Sumail on the other hand is keen for invites to be based on region as opposed to skill, to make for a more even playing field, given the locations of the DPC events. Of the nine Majors in the 2017-2018 season, five took place in Europe, three took place in China and one took place in the CIS region. Of the 22 Pro Circuit events, only two took place in North America, and both were Minors.
“Every region should have one team invited. If it’s a Major there should be at LEAST two teams from each region, no doubt,” said Sumail. The EG offlaner went on to say he was not a fan of tournament organizers for Majors inviting four or five teams from their region, due to the disparity between the numbers of Majors each region received. “NA did not get a single Major this year,” he added.
Should tournament organizers be allowed to invite teams based on their popularity or locality?
“I think it should be allowed, but it has to be clear as to WHY they invited certain teams,” said Loda. “Every region should have its own feel, and if that means that some Chinese tournaments have a high percentage of Chinese teams that's fine by me. Obviously it's hard to say where the line should go, but I suggest something like maximum 1-2 teams invited by tournament org and the rest by ranking/qualifiers.”
This suggestion was one which echoed VGJ.Storm’s manager Jack Chen’s. “The DPC is a collaboration with sometimes contrasting incentives which all need to be taken into account,” said Jack Chen when quizzed about invites based on popularity. “Organizers, like everyone else, need to attract fan interest and pay the bills, and that's usually going to favor regional or globally popular and successful teams. Like all things, we need more understanding and empathy and concrete guidelines to find the right balance.”
The final and perhaps most important change some players have been pushing for is how DPC Points are acquired. As things stand only top four teams at a DPC event receive DPC Points, and the players with the three highest points on each team contribute to their team’s overall DPC ranking. Many Monster family players hope next season that could change.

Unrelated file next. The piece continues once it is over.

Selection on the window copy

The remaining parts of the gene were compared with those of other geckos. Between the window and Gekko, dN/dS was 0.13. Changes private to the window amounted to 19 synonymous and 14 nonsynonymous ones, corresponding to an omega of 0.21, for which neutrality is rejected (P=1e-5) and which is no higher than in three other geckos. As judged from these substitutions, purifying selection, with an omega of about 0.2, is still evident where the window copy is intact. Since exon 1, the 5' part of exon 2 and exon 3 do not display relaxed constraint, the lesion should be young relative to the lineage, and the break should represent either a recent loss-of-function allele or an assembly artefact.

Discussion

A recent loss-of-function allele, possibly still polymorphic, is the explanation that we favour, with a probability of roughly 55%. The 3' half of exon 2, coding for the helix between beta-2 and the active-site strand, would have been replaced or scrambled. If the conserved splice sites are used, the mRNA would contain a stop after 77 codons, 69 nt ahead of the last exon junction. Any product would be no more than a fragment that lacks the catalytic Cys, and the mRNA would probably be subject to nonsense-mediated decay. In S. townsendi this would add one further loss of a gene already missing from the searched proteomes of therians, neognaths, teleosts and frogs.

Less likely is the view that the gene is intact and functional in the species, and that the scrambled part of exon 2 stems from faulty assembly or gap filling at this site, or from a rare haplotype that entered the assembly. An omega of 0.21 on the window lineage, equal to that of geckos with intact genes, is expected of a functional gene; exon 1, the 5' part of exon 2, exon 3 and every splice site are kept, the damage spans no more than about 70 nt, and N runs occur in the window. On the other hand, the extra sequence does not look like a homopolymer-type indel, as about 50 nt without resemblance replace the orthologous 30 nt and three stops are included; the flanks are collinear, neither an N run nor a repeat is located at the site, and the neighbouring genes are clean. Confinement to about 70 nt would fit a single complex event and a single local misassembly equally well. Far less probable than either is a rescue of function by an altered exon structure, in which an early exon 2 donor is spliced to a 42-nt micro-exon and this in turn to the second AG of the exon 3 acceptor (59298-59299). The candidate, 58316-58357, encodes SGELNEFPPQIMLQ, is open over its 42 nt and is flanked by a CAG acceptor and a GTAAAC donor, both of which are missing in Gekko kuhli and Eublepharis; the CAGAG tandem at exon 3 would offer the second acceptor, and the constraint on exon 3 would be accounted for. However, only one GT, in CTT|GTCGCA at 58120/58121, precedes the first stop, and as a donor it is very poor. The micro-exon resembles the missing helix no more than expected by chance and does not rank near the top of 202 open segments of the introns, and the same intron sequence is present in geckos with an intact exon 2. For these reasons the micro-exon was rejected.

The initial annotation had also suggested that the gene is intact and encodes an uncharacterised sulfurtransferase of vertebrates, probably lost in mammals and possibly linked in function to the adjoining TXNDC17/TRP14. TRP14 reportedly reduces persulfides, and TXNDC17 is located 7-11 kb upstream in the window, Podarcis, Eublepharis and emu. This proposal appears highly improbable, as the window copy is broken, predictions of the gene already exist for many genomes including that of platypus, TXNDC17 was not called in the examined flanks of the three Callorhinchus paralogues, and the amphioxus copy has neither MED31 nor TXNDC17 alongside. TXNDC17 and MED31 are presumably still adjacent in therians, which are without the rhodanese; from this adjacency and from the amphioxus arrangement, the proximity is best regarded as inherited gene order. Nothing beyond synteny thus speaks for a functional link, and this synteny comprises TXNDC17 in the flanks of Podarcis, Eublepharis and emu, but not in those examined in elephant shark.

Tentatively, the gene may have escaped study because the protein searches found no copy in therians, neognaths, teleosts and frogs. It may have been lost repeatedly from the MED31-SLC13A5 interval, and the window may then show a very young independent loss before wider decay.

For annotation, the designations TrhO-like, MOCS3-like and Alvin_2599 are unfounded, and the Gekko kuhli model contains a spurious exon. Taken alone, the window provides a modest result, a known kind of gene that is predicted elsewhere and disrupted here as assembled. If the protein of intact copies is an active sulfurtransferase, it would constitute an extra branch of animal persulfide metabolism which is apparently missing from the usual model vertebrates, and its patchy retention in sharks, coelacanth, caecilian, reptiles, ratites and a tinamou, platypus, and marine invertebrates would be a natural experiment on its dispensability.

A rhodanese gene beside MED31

“Since there are eight direct invites, Valve should consider giving out points for the top eight of each event,” said Vici Gaming’s Ori. “There are sometimes going to be outside factors that knock a team out of the top four, and this really hampers them.”
This was an opinion echoed by among many of the members of the Monster family, who said that if the DPC Points were extended to Top 6 or so, it would allow teams the option to rest and not attend every tournament, while also giving room to other teams. This suggestion could also feasibly alleviate burnout of players, increasing their motivation to play and potentially their performances.
“I think you have to reduce the DPC points for the first few tournaments, at least for the same year the TI ends,” suggested Sumail. “So for example, all the tournaments held directly after TI in 2018 should give less points.”
What Sumail alluded to was the idea that DPC events should progressively increase in value, taking into consideration teams take time to adjust to new rosters and the major balance changes post-TI. Having the DPC points per event progressively increase over the season could also ensure teams would not qualify too early, and as a result top 8 slots would be more hotly contested in the latter stages of the season and more indicative of which teams are currently at the top.
Dendi on the other hand offered another possible avenue to explore, one which focuses on reducing the DPC point gap between Minors and Majors overall. “The point of the system is to get strongest players to TI. Majors are more valuable but it's often the same level of competition in the Minors,” said Dendi. “Maybe the difference in points shouldn't be that big between Minors and Majors next season.”
As things stand Majors carry 1500 DPC Points compared to Minors which have 300, a difference we could well see change next season.
The Monster family definitely proved there is still work to be done on the Pro Circuit to make it more manageable for players. Valve has recently announced that they would be making changes to the DPC next year in order to make the players and teams happy. Some of the ideas that our players had come up with were cemented into the new rule book, there are still many questions to be answered as we get closer to the new season. Until then, however, we have our sights set on TI and some of our players have paid no mind to the structure of the DPC, such as KuroKy who, when asked about the circuit, said, “I just take it naturally, it’s just how it is.” Classic Kuro.